VALLEY VIEW EQUESTRIAN MISSION STATEMENT
We will be PERSISTENT: We will be willing to try, try again. We know that there will be more rides, more days, and the slow and steady approach always wins the “race”.
We will be OPEN-MINDED: We know there is something to be learned from everyone, even if to see proof of why or how NOT to do something. We will not be discipline racist, and be always aware that good riding is good riding is good riding, regardless of the saddle or style.
We will be PATIENT: We will be willing to wait to reap the rewards. We know that even if something falls apart today, there will be more days to come and small steps even backward are more beneficial than quick fixes or shortcuts.
We will KNOW WHEN TO QUIT: We will quit while we're ahead. We will ride for short periods of time to our highest ability and then call it a day. We will read our horse and ourselves to know when enough is enough.
We will be EFFECTIVE: We will seek maximum effectiveness with minimum harm. We'll make every step count, and resist overriding the horse for the sake of performance.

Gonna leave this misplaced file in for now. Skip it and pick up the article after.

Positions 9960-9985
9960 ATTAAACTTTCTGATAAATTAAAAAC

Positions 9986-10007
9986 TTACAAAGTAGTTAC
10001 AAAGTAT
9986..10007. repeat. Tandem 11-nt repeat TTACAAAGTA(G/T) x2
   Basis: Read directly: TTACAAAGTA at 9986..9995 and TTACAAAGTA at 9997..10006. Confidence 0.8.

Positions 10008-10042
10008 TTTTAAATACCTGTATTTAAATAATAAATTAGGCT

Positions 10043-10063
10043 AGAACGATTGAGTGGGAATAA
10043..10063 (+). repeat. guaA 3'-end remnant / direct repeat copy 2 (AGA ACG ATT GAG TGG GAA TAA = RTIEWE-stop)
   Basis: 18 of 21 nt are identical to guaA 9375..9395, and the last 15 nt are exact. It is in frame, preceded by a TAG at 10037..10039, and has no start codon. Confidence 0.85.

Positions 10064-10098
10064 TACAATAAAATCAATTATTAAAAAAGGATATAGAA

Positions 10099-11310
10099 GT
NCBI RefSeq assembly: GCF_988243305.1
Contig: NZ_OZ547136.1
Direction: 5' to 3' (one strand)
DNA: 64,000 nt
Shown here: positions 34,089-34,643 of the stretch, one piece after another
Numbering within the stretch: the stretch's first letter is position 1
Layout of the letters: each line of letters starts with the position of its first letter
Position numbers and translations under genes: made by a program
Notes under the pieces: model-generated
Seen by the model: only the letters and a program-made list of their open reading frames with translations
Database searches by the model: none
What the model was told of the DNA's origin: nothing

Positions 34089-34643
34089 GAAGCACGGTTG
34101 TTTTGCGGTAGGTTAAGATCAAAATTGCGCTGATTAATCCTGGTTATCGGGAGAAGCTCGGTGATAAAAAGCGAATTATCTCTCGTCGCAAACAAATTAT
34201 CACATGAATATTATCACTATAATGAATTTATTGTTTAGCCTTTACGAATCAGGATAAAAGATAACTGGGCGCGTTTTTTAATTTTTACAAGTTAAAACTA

We will SELF-IMPROVE: We will regularly seek to upgrade our riding skills and general horse education. We will be willing to spend time, money, and humility in the quest for constant self-improvement.
We will SEE THE BIG PICTURE: We will enjoy the “work” and the path as much as we do the goal achievement. We know that each day and each step is as important as the other and is a natural progression in development.
We will HAVE ROLE MODELS: We will try to recognize good riding when we see it and seek to surround ourselves with those who will not only help us improve on a riding level, but also on a more personal and inspirational level as well.
We will PROBLEM-SOLVE: We will try to trouble-shoot through problems to come to gratifying solutions. We will add many tools to our “tool-boxes” and know there is more than one way to approach a situation. We will always be willing to try new things.
We will be HORSE LISTENERS: We will always put our horses first and listen to them through their body language. We will be sensitive to the feedback from our horses and adjust our responses accordingly.
Credit: Horse Listening and Katie Healey